July 6, 2011, 8:43 a.m.
posted by osi
Leverage SQL Server Power by Calling Stored Procedures
Get a leg up on performance when using SQL Server data.
Developers creating Access applications that are front ends to SQL Server databases have two choices for their application type. The Microsoft-recommended choice is to use an Access data project (ADP), which is directly tied to the SQL Server database. This native-mode OLE DB connection results in a lighter-weight, better-performing front end that can directly use SQL views, stored procedures, and user-defined functions. It also lets developers design objects directly on the server (no need to use Enterprise Manager).
Despite these advantages, many situations force developers to use ODBC linked tables in a traditional Access MDB file. Not the least of these is the ability to create local tables in the MDB (in an ADP, even the Switchboard Items table must be on the server) and the ability to connect to other data sources (such as other Access databases, Excel spreadsheets, text files, and so on). Just because you choose to use an MDB as a front end doesn't mean you have to give up the server-side processing power of SQL Server stored procedures.
Hooking Up with ODBC
When an Access MDB is using ODBC links to SQL Server, all data processing is done on the client sidethat is, within Access on the workstation. If a listbox on a form gets filtered by a combo box selection, all the records are returned over the network to Access and Access applies the filter. Alternatively, the use of stored procedures can increase performance in your Access MDBs by shifting the filtering to the server. Stored procedures are powerful because they combine the data-joining capabilities of Access queries or SQL views with the ability of VBA procedures to accept parameters and to loop and process data.
T-SQL, Microsoft SQL Server's version of the SQL language, is somewhat different from the Jet (Access's) flavor of SQL. It is also much different from VBA. However, if you can create Access queries and write VBA functions, you can learn to write SQL stored procedures. It isn't difficult to become good enough in T-SQL to increase the performance of your applications. Whether you install MSDE (the lite version of SQL Server that ships with Microsoft Office) or SQL Server itself, you can look at the stored procedures within the Northwind database to get started.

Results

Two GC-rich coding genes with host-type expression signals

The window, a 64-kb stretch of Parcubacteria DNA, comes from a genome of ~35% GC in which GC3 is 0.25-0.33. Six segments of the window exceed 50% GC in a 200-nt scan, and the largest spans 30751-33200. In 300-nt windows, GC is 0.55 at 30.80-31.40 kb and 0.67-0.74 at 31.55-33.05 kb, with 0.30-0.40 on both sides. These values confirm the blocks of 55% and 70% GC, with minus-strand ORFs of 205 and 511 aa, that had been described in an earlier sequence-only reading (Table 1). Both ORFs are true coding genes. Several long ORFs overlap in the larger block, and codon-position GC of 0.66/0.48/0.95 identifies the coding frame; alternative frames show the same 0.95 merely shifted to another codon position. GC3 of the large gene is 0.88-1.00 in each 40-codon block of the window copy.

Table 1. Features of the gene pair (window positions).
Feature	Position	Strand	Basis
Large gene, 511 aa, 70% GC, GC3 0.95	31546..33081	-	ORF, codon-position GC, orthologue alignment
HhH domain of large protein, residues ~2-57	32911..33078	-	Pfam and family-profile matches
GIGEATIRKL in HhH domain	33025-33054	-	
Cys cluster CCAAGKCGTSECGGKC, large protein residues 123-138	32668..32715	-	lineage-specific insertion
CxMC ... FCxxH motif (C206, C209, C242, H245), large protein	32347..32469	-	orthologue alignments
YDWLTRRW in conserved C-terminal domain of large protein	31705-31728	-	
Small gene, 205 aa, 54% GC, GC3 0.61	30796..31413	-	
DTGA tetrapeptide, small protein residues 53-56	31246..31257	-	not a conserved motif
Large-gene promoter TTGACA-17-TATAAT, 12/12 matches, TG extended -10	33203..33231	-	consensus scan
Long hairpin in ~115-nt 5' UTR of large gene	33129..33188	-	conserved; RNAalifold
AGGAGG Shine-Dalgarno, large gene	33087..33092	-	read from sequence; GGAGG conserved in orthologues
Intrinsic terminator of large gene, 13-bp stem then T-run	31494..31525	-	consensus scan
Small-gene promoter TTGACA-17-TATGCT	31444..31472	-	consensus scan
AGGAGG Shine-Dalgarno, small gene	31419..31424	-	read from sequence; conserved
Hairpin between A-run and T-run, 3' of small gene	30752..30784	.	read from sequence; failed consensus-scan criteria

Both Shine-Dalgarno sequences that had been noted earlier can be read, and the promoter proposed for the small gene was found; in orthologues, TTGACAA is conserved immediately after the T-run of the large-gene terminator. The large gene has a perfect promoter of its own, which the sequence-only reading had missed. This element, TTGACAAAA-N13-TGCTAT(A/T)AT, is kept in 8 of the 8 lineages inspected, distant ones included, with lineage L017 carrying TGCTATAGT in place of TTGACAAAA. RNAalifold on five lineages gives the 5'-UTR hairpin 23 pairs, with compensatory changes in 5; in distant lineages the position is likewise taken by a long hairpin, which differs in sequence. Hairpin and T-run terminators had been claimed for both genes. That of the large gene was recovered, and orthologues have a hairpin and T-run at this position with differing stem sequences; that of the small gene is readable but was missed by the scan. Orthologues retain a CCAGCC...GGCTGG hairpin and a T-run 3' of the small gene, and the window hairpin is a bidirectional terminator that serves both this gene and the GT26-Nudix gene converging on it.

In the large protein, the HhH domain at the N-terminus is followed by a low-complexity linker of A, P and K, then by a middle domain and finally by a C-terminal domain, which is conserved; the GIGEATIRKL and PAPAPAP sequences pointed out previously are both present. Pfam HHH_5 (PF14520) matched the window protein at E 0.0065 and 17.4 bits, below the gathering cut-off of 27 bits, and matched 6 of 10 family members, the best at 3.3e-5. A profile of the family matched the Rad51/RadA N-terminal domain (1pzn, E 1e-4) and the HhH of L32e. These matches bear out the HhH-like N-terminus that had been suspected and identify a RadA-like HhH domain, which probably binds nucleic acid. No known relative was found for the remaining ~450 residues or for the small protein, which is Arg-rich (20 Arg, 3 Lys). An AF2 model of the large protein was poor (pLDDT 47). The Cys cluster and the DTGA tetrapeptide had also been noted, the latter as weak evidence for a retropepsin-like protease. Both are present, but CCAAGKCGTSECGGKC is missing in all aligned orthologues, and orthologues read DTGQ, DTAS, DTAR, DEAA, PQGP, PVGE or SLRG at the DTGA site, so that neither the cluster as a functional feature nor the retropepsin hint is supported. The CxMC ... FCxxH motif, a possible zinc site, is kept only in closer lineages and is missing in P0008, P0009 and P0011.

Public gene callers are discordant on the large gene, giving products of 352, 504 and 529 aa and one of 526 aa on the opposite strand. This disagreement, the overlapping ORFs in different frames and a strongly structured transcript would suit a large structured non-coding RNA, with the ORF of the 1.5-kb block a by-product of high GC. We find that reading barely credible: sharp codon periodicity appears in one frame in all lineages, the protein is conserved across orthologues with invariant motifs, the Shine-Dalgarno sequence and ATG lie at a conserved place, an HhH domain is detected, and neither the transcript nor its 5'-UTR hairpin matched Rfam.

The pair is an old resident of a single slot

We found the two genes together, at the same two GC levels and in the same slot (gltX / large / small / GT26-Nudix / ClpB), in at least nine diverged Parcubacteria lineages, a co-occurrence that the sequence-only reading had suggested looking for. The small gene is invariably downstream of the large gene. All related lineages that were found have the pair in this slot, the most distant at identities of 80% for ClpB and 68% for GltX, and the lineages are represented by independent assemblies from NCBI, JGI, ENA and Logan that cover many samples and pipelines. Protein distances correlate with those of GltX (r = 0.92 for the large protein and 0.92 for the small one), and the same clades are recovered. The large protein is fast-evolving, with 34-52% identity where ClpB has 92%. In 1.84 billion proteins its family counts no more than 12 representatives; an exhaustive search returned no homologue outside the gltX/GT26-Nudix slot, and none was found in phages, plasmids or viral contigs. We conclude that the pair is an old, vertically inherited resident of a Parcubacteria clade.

The ADO library is one way to execute stored procedures in Access. You do this in VBA by executing a Command object whose command text is the stored procedure name. First it is necessary to open a Connection object on the SQL Server database. The code in Example 7-9 executes the CustOrdersOrders stored procedure that ships with Northwind, sending in the much-abused customerid ALFKI to fill an ADO recordset with all the orders belonging to Alfreds Futterkiste.
Example 7-9. Running a stored procedure
Dim cn As ADODB.Connection Dim sp As ADODB.Command Dim rs As ADODB.Recordset Set cn = New ADODB.Connection cn.ConnectionString = CurrentDb.TableDefs("dbo_customers").Connect cn.Open Set sp = New ADODB.Command sp.ActiveConnection = cnSQL sp.CommandType = adCmdStoredProc sp.CommandText = "CustOrdersOrders" sp.Parameters.Refresh sp.Parameters("@customerid") = "ALFKI" Set rs = sp.Execute
Access, however, can't use ADO recordsets in certain situations. Although Access uses ADO more and more with every new version release, Access 2003 still has deep ties to DAO, so much so that Microsoft put back a default reference to DAO in VBA, after not including it in Access 2002 (XP). A data-entry form bound to a linked table will have an underlying recordset that isn't ADO, but rather, is DAO. Controls such as combo boxes or listboxes, on unbound or DAO-bound forms, require their recordsets to be DAO as well.
Creating a Pass-Through Query
Access can tap into stored procedure power and get a DAO recordset filled with data via a stored procedure using an underutilized feature known as a Pass-Through query. Creating a Pass-Through query is relatively straightforward, and the results returned are in a DAO recordset, appropriate for use in any Access object or control that can use a query as its data source.
To create a Pass-Through query, select Queries in the Database window, and click New. Click Design View, and then click OK. Click Close on the Table list to go directly into Design view. On the Query menu, click SQL-Specific, and then click Pass-Through, as shown in Figure.
Creating a Pass-Through query
The query designer will switch to SQL view and allow only SQL statements to be entered. Enter CustOrdersOrders 'ALFKI' in the SQL view of the query designer. Click Save, and name the query qry_CustOrdersOrders_pt.
At this point, Access doesn't know where to pass this query. On first execution, you are prompted for the data source connection to use: cChoose the same data source you used to link your SQL tables. After choosing the appropriate data source, Access sends the SQL string contained in the query to the server, and SQL runs the stored procedure and returns the results to Access, as shown in Figure.
Data returned from SQL Server via a stored procedure